Appeal Decision 214 - Certificate of Lawful
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February 2011 - Code a00214
Summary of Case (appeal
The property is a detached
house, situated to the south-east of the road, and situated within a conservation area. The principal elevation
of the house faces north-west and fronts the road. The application was for a proposed outbuilding, which would
be situated to the east of the main house, such that it would be situated behind the line of the rear elevation
(and outside of the line of the side elevation).
The key issue was whether the
proposed outbuildings would be contrary to Class E, part E.3, which states that “In the case of any land within
the curtilage of the dwellinghouse which is article 1(5) land, development is not permitted by Class E if any
part of the building … would be situated on land between a wall forming a side elevation of the dwellinghouse
and the boundary of the curtilage of the dwellinghouse”.
The Inspector stated the
“I saw nothing when
visiting the site to suggest any inaccuracy in the application plans. They show the proposed building set behind
the rear building line of the house but also to the north east of the wall forming its northern side elevation.
The issue therefore is whether, for the purposes of paragraph E.3 and as a question of fact, any part of the
building would be situated on land between that elevation and “the boundary of the
Since the Council’s
decision, technical guidance on the interpretation of paragraph E.3 and other provisions has been issued by the
Department of Communities and Local Government. In the pictorial example given at page 44 of the guidance, it
is said that permission is not granted for buildings (etc) within the areas shaded to either side of a house,
but with lines drawn across the site along those of the front and rear elevations. It follows that the
Secretary of State’s view is that permission is granted for buildings in a position such as this one, subject to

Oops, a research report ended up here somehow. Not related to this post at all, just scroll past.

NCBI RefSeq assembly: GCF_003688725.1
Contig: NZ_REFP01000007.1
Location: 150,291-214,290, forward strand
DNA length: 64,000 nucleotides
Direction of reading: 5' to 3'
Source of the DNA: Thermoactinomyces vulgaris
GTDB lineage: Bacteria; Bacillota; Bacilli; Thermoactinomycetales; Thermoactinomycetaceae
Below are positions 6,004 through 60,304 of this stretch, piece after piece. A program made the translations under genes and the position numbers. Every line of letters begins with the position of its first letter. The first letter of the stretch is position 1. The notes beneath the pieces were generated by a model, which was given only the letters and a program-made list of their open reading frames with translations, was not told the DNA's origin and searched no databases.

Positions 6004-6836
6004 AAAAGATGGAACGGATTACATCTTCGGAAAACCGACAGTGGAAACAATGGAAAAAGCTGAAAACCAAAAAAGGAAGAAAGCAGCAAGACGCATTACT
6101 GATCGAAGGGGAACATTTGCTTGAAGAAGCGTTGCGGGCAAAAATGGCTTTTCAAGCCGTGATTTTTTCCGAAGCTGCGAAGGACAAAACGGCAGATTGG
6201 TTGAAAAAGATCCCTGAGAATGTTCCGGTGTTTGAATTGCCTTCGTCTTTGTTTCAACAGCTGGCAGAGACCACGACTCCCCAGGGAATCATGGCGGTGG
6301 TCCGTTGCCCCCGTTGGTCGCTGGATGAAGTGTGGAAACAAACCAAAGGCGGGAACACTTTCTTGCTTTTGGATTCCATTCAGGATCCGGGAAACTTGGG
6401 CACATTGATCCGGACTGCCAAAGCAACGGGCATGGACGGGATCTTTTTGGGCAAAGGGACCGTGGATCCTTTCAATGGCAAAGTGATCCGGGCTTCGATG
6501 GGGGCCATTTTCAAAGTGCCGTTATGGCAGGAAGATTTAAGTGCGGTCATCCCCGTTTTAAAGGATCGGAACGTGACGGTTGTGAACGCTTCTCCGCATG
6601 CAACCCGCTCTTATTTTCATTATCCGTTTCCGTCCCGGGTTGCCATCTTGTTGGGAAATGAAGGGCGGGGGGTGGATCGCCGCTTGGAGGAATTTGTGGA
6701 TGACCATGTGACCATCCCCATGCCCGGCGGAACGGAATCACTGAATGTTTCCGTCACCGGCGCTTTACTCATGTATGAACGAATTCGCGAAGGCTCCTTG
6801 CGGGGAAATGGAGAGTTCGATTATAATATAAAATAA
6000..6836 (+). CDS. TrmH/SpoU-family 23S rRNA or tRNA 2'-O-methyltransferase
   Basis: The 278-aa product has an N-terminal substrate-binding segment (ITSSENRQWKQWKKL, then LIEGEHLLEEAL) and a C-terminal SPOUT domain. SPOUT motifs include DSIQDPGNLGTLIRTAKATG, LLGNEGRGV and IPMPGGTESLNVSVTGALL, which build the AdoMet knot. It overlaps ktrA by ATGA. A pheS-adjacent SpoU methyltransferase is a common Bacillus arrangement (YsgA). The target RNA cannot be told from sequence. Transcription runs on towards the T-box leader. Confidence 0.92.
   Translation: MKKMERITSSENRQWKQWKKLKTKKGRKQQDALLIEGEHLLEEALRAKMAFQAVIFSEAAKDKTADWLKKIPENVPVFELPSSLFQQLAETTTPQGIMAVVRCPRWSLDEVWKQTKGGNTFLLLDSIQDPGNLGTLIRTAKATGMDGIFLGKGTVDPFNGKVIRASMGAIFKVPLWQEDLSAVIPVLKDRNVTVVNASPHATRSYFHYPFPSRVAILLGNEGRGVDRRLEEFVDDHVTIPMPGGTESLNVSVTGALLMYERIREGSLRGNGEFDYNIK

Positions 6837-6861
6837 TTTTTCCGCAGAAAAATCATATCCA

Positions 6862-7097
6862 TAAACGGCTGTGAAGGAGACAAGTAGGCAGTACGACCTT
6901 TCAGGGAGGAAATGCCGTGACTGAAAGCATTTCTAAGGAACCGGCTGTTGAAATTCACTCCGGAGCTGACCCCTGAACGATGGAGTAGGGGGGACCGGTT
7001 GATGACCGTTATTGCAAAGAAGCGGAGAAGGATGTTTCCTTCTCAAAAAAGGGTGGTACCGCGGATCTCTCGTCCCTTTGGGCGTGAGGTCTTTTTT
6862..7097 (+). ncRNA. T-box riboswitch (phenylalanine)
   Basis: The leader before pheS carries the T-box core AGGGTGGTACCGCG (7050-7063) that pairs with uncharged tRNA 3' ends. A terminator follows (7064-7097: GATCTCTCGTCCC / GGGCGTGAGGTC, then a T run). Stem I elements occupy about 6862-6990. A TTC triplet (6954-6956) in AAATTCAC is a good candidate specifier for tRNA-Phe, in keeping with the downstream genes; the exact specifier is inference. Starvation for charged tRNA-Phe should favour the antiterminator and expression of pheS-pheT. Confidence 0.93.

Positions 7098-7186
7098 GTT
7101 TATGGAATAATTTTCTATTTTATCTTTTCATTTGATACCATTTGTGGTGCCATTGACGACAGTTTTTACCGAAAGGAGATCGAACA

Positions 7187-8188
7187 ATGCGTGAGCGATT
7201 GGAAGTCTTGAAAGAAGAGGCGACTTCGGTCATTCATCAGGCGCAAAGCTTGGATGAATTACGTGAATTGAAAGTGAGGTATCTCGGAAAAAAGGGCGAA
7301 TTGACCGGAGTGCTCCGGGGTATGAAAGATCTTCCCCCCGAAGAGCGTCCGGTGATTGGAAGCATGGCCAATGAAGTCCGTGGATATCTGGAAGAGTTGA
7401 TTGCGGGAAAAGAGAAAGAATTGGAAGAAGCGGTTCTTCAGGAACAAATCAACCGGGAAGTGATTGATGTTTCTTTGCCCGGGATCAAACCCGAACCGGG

compliance with other relevant provisions. In passing, a building (etc) set forward of the principal elevation
would be caught by paragraph E.1(b) whether or not on Article 1(5) land.
In an earlier appeal,
dismissed before the Department’s guidance was issued, the word “between” was taken to mean the “interval or
area that is bounded by two or more points or lines” [Note: The “earlier appeal” refers
to December 2009 - Code
a00054, although this earlier appeal was actually
allowed]. The Council in this case
cite a further definition as “at a point or in a region intermediate to two other points in space.” On that
basis, they argue that the building would be situated on land between the side elevation and the boundary, since
the latter is not differentiated or qualified in any way, for example by including words such as “opposite” or
“side”. Rather, it is treated as a single entity.
The Secretary of State’s
view of the meaning of the provision however is clear from the technical guidance. That must also therefore be
presumed to be its intended meaning. In the absence of any judicial authority to the contrary, I do not consider
it open to me to hold otherwise, notwithstanding that the provision relates to Article 1(5) land and that
development permitted by it may be widely visible in the public domain. Since no part of the building would be
within the area equivalent to that shaded in the pictorial example referred to above, it would not, for the
purposes of paragraph E.3 and as a question of fact, be situated on land between that elevation and “the
boundary of the curtilage.” It follows that the Council’s decision was not justified and I shall allow the
Class E, part E.3 only
prevents outbuildings from being within the area that is directly in between the side wall of the
house and the side boundary. In other words, this limitation does not prevent outbuildings from being
within the additional area that can be covered if considering the imaginary line of the side wall when
extended forwards and rearwards.
[Relevant to: E.3].
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